Dr. Erika P. Hamilton on ONT-380 for HER2+ Breast Cancer

Erika P. Hamilton, MD
Published: Thursday, Feb 25, 2016



Erika P. Hamilton, MD, Director, Breast Cancer and Gynecologic Cancer Research Program; Principal Investigator, Sarah Cannon Research Institute, discusses ONT-380, a novel HER2-specific inhibitor. Most oral HER2-inhibitors block not only HER2, but other proteins such as EGFR.

These additional proteins can cause toxicities such as rash and diarrhea, says Hamilton. ONT-380 only blocks the HER2, so it tends to be more tolerable, she says. It also crosses the blood-brain barrier. This is important because up to 50% of HER2-positive breast cancer patients experience brain metastasis.


Erika P. Hamilton, MD, Director, Breast Cancer and Gynecologic Cancer Research Program; Principal Investigator, Sarah Cannon Research Institute, discusses ONT-380, a novel HER2-specific inhibitor. Most oral HER2-inhibitors block not only HER2, but other proteins such as EGFR.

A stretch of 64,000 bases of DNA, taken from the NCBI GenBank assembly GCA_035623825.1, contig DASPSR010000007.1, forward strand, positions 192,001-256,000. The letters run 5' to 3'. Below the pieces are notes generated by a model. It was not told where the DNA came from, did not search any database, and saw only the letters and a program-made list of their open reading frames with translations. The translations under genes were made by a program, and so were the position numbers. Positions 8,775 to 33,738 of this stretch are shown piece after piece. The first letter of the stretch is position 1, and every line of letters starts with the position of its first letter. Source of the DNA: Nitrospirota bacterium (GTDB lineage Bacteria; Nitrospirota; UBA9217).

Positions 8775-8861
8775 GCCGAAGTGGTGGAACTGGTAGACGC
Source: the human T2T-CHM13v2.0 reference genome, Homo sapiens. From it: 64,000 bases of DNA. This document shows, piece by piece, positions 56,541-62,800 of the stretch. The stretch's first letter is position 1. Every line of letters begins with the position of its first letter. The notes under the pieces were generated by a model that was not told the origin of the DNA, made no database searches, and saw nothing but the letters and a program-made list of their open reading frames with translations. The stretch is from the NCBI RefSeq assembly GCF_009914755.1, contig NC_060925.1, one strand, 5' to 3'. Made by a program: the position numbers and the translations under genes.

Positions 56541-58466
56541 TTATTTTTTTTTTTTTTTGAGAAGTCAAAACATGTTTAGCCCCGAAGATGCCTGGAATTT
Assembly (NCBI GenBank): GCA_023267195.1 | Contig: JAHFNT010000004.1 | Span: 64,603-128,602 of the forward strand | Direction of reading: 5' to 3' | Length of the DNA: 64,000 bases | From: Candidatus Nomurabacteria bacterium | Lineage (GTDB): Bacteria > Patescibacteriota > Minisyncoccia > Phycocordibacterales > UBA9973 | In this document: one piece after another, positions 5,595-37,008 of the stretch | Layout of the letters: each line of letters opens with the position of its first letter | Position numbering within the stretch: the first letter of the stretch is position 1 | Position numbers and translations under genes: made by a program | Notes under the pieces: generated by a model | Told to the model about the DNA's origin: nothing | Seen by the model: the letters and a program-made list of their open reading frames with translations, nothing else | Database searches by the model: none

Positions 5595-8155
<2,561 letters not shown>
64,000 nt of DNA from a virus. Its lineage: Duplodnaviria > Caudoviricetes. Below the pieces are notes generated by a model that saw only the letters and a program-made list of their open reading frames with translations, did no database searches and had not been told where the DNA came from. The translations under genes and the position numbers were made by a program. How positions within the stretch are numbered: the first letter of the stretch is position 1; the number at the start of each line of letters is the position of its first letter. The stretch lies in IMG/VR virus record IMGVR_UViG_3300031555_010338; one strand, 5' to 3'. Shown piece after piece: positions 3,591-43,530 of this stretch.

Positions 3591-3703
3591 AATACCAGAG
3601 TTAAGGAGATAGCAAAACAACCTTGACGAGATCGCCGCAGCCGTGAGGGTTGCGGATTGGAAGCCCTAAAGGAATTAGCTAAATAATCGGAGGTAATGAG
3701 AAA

These additional proteins can cause toxicities such as rash and diarrhea, says Hamilton. ONT-380 only blocks the HER2, so it tends to be more tolerable, she says. It also crosses the blood-brain barrier. This is important because up to 50% of HER2-positive breast cancer patients experience brain metastasis.

View Conference Coverage
Online CME Activities
TitleExpiration DateCME Credits
Cancer Summaries and Commentaries™: Update from Chicago: Advances in the Treatment of Breast CancerJul 31, 20181.0
Community Practice Connections™: Medical Crossfire®: Translating Lessons Learned with PARP Inhibition to the Treatment of Breast Cancer—Expert Exchanges on Novel Strategies to Personalize CareAug 29, 20181.5
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